OPINION: The changing tide in Tibet

Beijing (The Star/ann) - No matter what the Dalai Lama or Tibetans in exile say about Tibet, it has transformed from a feudal society and closed economy into a modern and open society which is no longer influenced by religion.

The debate on how to develop the disputed territory of Tibet has remained contentious among observers and critics over the past few decades.

Social unrest and religious friction in the Tibet autonomous region in western China have been magnified by the international community that claimed the economic reform had sacrificed the environment and Tibetan peopleâ¿¿s rights to religion.

The Chinese governmentâ¿¿s policies have also been blamed for the change in demography of the region with the natives feeling the pressure and competition from the Han Chinese and other ethnic groups.

However, policymakers have defended this, saying that the development model for Tibet might not be perfect but it has been the best in Tibetâ¿¿s history. They said the policies had improved the peopleâ¿¿s livelihood and brought an end to the serfdom era.

Tibet University Prof Tanzen Lhundup, who has visited Tibet countless times in the last two decades for his research, said Tibet had transformed from a feudal society and closed economy into a modern and open society which is no longer influenced badly by religion.

â¿¿Significant changes to its social structure have taken place in Tibet. Currently, there are three social structures: The first being the divide between the rural and urban areas; the second is that Tibet has 75% of nomads and farmers and 25% of urban dwellers; and the third structure is that we can see a difference between the source of its peopleâ¿¿s income.

⿿Some of them enjoy the pay from the government and state-owned enterprises while others don⿿t,⿝ he said in a recent interview.

Prof Lhundup said despite its rapid development, Tibet was still one of the few places in China where both traditional and modern societies co-existed.

He said the traditional values embraced by Tibetan society, such as the worshipping of national heroes, should not be encouraged in the new era.

â¿¿This is a classic example of a traditional society. We have gone through this during the Cultural Revolution when we lauded: Long live Chairman Mao!

⿿When a nation places all its hope and destiny on a single person or religious leader, the society will not be rational and this is a dangerous phenomenon,⿝ he added.

Historically, Tibet is a controversial territory as it has existed as a separate sovereign area, an independent entity and as a vassal under Chinese sovereignty.

After the fall of the Qing dynasty in 1912, the 13th Dalai Lama, the highest-ranked religious leader in Tibetan Buddhism, declared himself as the ruler of an independent Tibet.

In 1950, the Chinese Peopleâ¿¿s Liberation Army attacked Tibet after the Tibetan local government delayed sending its delegation to Beijing to negotiate Tibetâ¿¿s liberation.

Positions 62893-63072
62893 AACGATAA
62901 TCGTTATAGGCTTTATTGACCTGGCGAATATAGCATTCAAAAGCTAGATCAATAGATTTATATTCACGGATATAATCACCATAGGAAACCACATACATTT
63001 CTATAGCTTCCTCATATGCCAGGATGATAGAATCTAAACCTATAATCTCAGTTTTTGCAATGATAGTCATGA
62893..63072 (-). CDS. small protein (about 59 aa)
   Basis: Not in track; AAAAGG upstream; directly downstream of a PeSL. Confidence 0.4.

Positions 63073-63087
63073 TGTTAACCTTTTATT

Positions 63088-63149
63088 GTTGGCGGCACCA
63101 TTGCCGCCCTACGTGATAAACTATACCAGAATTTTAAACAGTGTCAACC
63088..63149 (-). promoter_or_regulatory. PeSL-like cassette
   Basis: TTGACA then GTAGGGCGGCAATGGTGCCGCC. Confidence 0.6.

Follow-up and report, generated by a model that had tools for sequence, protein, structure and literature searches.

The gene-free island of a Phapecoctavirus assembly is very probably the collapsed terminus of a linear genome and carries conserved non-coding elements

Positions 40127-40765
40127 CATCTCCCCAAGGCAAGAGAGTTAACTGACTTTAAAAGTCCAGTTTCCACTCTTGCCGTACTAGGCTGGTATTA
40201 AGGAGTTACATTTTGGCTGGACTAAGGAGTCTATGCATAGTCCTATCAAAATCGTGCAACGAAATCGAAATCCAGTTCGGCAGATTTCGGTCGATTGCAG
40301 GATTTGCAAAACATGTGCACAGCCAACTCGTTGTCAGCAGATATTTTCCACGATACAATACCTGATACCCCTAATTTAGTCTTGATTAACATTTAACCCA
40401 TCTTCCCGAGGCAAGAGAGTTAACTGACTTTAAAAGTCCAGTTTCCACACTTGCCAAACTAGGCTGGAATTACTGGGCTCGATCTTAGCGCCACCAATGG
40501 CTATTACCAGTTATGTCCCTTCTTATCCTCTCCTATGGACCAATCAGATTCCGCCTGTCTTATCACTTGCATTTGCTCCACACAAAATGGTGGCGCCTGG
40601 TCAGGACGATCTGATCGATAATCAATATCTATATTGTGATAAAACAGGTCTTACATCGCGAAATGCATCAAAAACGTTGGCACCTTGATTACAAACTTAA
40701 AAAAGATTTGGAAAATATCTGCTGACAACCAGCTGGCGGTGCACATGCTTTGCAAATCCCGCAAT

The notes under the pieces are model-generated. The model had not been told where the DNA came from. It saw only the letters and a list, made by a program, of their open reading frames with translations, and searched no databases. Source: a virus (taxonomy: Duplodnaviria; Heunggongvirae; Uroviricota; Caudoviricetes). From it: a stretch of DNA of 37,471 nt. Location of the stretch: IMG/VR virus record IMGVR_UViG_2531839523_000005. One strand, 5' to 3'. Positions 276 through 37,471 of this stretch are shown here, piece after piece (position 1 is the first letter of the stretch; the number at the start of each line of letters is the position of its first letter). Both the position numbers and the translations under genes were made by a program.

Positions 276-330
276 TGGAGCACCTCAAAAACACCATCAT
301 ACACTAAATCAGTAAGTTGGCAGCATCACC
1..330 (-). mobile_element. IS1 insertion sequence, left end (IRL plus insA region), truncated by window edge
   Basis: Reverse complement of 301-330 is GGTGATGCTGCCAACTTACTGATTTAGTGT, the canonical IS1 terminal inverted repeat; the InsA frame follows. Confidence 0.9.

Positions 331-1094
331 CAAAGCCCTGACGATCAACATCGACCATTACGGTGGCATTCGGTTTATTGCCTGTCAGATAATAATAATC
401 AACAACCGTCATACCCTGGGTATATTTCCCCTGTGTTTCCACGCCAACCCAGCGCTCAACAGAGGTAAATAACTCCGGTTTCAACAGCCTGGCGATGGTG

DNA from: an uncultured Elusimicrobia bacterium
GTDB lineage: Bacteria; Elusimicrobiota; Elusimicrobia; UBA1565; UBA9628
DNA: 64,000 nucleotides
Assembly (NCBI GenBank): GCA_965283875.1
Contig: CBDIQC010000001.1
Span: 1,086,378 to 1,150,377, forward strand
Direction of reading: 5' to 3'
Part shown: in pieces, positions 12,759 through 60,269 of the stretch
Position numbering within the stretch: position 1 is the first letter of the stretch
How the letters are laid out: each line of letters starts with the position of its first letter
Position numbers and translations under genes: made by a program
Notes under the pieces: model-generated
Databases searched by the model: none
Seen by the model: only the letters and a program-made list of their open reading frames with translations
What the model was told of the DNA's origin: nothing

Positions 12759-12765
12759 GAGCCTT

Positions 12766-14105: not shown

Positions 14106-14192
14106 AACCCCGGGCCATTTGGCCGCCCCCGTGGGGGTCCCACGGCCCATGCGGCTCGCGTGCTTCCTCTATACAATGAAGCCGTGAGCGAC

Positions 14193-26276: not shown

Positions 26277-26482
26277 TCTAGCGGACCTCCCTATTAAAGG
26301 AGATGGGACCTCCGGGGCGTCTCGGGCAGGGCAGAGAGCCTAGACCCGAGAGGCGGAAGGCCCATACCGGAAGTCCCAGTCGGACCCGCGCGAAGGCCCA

The following year the 14th Dalai Lama sent a delegation which eventually signed the Seventeen Point Agreement, affirming Chinaâ¿¿s sovereignty but granting Tibet autonomy.

The Dalai Lama repudiated the agreement and fled to India to set up the government of Tibet in exile after its failed attempt to gain independence from China in 1959.

Since his move to Dharamsala, Tibet has remained in the hands of China while the Dalai Lamaâ¿¿s status has grown in the area.

China Tibetology Research Centre researcher Lian Xiangmin said in recent months although there had been recurrences of self-immolation incidents and racial unrest in protests against the suppression of Tibetan Buddhism in Sichuan provinceâ¿¿s areas near Tibet, the Chinese government did not need to review its development policies in Tibet to maintain peace and order in the area.

⿿It is not right to put the blame on the central government⿿s policies just because of the incidents outside Tibet. The most important thing to do now is that those behind the incidents must stop orchestrating and inciting the people to set themselves on fire and the Dalai Lama group should issue a statement objecting against such suicidal acts,⿝ he said.

Lian said the occurrence of social problems was inevitable as Tibet was undergoing rapid economic development but he was optimistic that such problems would gradually be resolved with the improvement of the livelihood of its people.

â¿¿The Dalai Lama has left Tibet 53 years ago and there is a huge difference between the Tibet he used to rule and todayâ¿¿s Tibet. As researchers, we study the real Tibet, which is going through a transitional period, and provide input and references for the governmentâ¿¿s decision-making process.

⿿No matter what the Dalai Lama or Tibetans in exile say about Tibet, nothing will change in Tibet,⿝ he said.

According to Prof Lhundup, as part of its Western Region Development Strategy initiated in 2000, the government has invested heavily in the construction of infrastructure in Tibet.

Now, Tibetans in rural and urban areas enjoy full connectivity in terms of water, electricity, telephone, cable television, Internet and natural gas. About 1.4 million nomads were given subsidies and low-interest loans to build their homes.

Tibet is also the first in China to provide free education from kindergarten until senior high school. The native Tibetans have a lower passing mark than Han Chinese to enter universities.

⿿There is no doubt about the consistency of the government⿿s policies to care for the Tibetans⿿ welfare and freedom of religion. I have benefited from all these policies after growing up in Tibet,⿝ he said.


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